In the year of our Lord, 1698, a most riotous assembly did muster by the walls of His Majesties Royal Palace and Fortress of London, and protested in most vile manners at the disputed boundary betwixt the Tower and All Hallows parish church within the City of London.
Slightly more recently – specifically last night – the boundary was again disputed, although in a more genteel manner.
Occurring every third year, the Yeoman Warders (Beefeaters) and some local school children and Scout groups carry out the Beating the Bounds ceremony where they progress around the edges of the Tower of London Liberties – the boundaries that marked the land outside the Tower but under its control – and whip the iron markers that mark that ancient border.
The Liberties – which rumour suggests marked the distance an arrow could be fired from the Tower walls – were expanded in 1686 in letters patent granted by King James II, and it is possible that seizure of land by The Crown was the cause of the riots eight years later that we now commemorate – although no one seems sure.
The liberty itself was abolished on 25 June 1894.
While bystanders and photographers congregated outside the Tower for the event to start, I was given the rare pleasure of being allowed inside the Tower after it closed to visitors for this early private part of the ceremony.
Inside, the procession of Beefeaters, scouts, clergy and various connected families attend a service in the Church within the Tower, and then formed up to march around the White Tower – probably more to avoid the stone stairs than for any ceremonial purpose – before heading out through the main entrance to the bemusement of bystanders and the delight of those who knew what was going on.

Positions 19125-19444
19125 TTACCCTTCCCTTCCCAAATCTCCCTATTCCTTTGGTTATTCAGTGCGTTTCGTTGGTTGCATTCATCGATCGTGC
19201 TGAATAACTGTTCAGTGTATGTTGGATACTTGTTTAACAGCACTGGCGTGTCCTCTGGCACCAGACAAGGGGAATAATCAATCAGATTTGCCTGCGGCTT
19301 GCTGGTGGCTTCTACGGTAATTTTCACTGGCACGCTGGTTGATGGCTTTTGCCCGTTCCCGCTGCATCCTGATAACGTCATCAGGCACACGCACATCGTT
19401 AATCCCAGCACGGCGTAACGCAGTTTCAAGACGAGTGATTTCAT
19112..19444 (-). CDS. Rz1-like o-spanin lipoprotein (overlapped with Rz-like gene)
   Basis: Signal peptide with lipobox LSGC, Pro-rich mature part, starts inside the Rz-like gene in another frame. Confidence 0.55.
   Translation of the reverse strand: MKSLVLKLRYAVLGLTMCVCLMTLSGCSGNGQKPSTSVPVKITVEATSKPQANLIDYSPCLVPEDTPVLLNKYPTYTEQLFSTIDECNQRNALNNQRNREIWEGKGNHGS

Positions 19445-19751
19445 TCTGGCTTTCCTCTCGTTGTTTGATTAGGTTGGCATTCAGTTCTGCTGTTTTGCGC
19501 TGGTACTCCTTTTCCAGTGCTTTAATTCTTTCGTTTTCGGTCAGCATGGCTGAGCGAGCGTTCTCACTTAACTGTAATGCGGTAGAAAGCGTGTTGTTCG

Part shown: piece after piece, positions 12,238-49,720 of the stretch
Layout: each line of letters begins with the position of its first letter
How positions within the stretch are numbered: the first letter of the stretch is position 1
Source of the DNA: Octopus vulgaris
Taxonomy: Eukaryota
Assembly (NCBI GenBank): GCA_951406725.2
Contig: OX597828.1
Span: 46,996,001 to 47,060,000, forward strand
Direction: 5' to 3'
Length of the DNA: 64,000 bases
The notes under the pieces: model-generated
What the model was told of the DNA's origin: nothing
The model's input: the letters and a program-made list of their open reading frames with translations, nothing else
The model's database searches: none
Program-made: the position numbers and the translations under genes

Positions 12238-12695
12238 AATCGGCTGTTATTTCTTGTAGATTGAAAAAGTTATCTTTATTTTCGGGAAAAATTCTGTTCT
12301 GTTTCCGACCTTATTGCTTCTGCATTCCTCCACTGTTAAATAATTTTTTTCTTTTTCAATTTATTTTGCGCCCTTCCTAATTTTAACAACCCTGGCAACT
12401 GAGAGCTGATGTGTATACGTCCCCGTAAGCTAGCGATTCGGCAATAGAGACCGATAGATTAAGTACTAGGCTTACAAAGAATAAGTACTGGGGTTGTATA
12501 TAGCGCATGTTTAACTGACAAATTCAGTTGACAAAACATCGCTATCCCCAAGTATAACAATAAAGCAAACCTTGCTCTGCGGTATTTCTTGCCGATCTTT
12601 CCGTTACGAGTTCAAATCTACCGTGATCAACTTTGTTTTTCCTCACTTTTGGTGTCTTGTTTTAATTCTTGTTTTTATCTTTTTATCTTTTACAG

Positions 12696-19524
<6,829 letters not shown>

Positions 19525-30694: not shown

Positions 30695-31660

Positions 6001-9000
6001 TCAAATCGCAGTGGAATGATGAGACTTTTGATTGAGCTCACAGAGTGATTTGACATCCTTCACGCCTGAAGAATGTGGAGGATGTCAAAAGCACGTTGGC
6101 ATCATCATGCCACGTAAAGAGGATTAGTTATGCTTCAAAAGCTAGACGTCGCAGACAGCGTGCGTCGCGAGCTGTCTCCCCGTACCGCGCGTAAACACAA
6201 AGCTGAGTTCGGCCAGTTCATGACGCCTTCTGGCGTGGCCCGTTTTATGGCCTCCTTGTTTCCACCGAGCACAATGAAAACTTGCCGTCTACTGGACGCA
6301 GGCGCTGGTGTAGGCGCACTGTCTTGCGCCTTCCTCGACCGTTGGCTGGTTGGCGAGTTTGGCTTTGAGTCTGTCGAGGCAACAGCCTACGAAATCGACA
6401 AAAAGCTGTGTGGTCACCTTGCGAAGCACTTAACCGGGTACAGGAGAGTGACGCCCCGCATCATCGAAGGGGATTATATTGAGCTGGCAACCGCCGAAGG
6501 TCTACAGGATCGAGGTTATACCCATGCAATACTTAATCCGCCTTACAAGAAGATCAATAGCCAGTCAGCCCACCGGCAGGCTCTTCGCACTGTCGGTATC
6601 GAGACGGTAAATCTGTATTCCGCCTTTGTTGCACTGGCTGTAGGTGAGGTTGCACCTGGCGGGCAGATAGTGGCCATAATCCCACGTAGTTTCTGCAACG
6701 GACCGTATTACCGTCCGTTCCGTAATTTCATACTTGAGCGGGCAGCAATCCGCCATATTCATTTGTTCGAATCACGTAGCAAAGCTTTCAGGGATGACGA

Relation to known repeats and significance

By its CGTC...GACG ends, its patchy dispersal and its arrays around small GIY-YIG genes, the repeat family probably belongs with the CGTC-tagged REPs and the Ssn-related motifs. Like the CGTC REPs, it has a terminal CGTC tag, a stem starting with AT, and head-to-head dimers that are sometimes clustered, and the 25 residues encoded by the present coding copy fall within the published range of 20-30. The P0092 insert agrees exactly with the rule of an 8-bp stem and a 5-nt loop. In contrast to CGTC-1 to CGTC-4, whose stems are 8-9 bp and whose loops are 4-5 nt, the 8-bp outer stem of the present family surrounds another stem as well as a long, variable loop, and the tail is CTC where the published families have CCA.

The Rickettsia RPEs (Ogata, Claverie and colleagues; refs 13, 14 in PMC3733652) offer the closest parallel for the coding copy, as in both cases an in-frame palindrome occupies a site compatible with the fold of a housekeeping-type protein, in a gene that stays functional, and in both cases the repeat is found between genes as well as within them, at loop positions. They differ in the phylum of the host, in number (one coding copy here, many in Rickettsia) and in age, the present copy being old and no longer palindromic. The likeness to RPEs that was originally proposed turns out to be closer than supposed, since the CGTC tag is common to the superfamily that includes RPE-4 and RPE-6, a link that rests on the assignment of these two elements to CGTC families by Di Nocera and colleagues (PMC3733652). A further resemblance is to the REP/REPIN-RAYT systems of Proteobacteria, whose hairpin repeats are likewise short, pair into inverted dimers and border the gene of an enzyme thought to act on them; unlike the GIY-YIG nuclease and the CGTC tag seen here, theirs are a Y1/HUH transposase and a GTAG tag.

As with a lot of City of London ceremonies, it is still a random delight to be in an area when all of a sudden people in fancy dress of the City’s Livery companies, or in this case Yeoman Warders suddenly appear to carry out some ancient ritual or other.
Leaving the Tower itself, we joined the larger throng of photographers – and four of the children were taken to the boundary marker next to the river – currently just a painted sign on the building site – and with a cry from the Yeoman Warder – thrashed the sign with their willow sticks.
This was repeated a few times along the building site where Boundary Markers are still visible (including the one stuck behind a wheely bin), then with a parade up the hill, the mace was swung to point at where a marker used to be and a yell from the crowd verbally beat the marker into submission.
Having processed around some of the boundary markers, then there is a confrontation at the boundary that caused so much fuss in the middle-ages, and as the Tower team approached the waiting team from All Hallows, there were boos and hisses from the waiting crowd.
Here the parish priest from All Hallows and the head of the Tower expressed pleasantries, promises of peaceful coexistence and a desire not to return to the riots of the past. Then, with hats removed, they called upon God to do the Saving the Queen thing again.
Peace declared, it is time to head around the rest of the boundary, which runs around the streets to the North of the Tower and past Tower Gateway DLR station – then down towards Tower Bridge – and give the markers a good thrashing with the willow sticks.
Some of the markers are metal plaques in the wall, a few are in the middle of the road – and one is inside a building that now sits right on top of the former border.
If you missed it last night – then put a note in your diary for May 29th 2014, for that is when the next confrontation takes place. However, All Hallows Church next to the Tower of London also Beats its own parish Bounds, and that takes place each year – as I watched last year.
All Hallows Church also plays an important role in the ancient Knollys’ Rose ceremony that takes place in a couple of weeks time.
My thanks to the Tower for letting me inside to see the private part of the ceremony, and to photograph it for your pleasure.